TORONTO (Reuters) - The Canadian dollar fell versus the U.S. dollar on Friday as low liquidity ahead of a holiday weekend and weak domestic data pulled the rug from under the currency and knocked it lower for the second straight week.
Domestic bond prices finished higher across the curve as the weak report on Canadian manufacturers supported market expectations that the Bank of Canada would cut interest rates for the third consecutive time when it sets rates in March.
The Canadian dollar closed at C$1.0075 to the U.S. dollar, or 99.26 U.S. cents, down from C$1.0002 to the U.S. dollar, or 99.98 U.S. cents, at Thursday’s close.
The bulk of the currency’s decline came in one swift move just after midday as the U.S. dollar broke through C$1.0024, or 99.76 U.S. cents, and then shot to C$1.0115, or 98.86 U.S. cents.
The early-session weakness for the Canadian dollar came after domestic data showed factory shipments of vehicles plunged in December to their lowest level in over a decade.
That report followed economic data on Thursday that showed Canada’s trade surplus shrank more than expected in December. Each supported market expectations for more Bank of Canada rate cuts.
“Mostly, what we’ve seen is a real one-two punch of very soft domestic data in the last two days between yesterday’s trade number and today’s manufacturing number,” said Doug Porter, deputy chief economist at BMO Capital Markets.
“The main point here is there are just some questions as to how well the Canadian economy can hold up in the face of a marked U.S. slowdown.”
With Canadian financial markets closed on Monday for Ontario’s Family Day, and U.S. markets closed for President’s Day, moves in the Canadian dollar were likely exaggerated given low liquidity as many investors took off early for the long weekend.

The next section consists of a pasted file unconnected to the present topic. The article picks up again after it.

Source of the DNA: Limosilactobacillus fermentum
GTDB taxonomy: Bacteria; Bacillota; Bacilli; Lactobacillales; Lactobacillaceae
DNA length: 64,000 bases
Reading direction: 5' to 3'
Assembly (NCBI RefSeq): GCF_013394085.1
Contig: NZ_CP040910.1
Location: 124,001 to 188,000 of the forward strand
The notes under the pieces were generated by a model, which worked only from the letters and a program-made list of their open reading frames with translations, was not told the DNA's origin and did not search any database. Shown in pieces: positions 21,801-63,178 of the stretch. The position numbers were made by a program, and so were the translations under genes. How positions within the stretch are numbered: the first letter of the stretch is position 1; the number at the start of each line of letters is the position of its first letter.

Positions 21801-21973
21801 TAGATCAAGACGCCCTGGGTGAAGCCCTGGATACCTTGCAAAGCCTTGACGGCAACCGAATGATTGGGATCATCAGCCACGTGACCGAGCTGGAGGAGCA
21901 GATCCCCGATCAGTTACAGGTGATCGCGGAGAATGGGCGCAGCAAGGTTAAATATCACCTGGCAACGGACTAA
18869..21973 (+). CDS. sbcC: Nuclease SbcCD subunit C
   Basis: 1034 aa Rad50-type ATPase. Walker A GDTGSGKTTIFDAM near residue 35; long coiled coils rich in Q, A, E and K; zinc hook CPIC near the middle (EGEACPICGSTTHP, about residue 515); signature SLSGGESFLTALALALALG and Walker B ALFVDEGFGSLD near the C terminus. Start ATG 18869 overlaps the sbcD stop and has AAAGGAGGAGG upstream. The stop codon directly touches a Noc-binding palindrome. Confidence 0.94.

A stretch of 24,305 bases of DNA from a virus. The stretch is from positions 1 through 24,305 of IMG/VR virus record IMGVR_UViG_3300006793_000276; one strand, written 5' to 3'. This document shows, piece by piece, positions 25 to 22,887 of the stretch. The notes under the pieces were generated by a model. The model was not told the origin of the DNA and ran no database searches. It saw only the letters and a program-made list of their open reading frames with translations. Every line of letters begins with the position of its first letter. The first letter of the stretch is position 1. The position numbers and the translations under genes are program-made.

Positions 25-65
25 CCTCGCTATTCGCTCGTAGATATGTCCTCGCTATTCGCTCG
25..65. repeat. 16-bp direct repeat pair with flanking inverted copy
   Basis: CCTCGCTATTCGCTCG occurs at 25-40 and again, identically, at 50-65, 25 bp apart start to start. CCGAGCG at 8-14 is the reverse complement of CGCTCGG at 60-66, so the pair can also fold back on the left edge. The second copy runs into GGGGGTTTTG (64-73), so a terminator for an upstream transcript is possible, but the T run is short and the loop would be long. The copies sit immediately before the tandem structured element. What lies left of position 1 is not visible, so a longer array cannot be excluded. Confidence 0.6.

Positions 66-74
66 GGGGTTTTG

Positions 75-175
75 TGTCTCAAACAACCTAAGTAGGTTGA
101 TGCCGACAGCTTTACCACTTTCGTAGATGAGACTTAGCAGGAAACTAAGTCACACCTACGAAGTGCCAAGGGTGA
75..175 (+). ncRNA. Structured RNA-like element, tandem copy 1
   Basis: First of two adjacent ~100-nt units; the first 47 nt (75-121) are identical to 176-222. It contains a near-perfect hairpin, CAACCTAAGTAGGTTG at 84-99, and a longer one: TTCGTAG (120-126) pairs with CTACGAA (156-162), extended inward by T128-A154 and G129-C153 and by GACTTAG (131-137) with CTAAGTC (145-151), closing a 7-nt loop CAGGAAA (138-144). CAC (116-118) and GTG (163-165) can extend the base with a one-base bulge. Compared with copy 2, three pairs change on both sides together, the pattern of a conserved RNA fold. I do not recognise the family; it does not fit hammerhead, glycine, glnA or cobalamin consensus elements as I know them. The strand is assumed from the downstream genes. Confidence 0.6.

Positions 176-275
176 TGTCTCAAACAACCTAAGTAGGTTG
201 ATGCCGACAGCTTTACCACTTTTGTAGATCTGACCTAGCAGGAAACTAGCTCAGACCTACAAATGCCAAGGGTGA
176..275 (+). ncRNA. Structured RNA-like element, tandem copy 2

Investors will return next week with a slew of key events, including a speech by Bank of Canada Governor Mark Carney to the British Columbia Chamber of Commerce on Monday, as well as key January consumer price index data on Tuesday.
Bond prices were all higher as the weak string of domestic data convinced many investors to take on more secure assets like government debt.
The Bank of Canada has cut its key lending rate by 25 basis points at each of its last two meetings, putting the overnight rate at 4.00 percent, and is widely expected to cut again on March 2.
Given the weak Canadian data and widespread expectations for more rates cuts, some experts felt the bond market could have rallied further.
“It seems like the Canadian (bond) market’s not really paying that much attention to the domestic data,” said Porter. “I guess, given the big rally we’ve seen in (U.S.) treasuries and the weak Canadian data, I would’ve expected a larger rally in Canada today.”
The two-year bond rose 9 Canadian cents to C$102.16 to yield 2.989 percent. The 10-year bond climbed 57 Canadian cents to C$101.45 to yield 3.813 percent.
The yield spread between the two- and 10-year bond was 82.4 basis points, down from 85.4 basis points at the previous close.
The 30-year bond was up C$1.28 at C$113.50 to yield 4.194 percent. In the United States, the 30-year treasury yielded 4.580 percent.
The three-month when-issued T-bill yielded 3.25 percent, down from 3.26 percent at the previous close.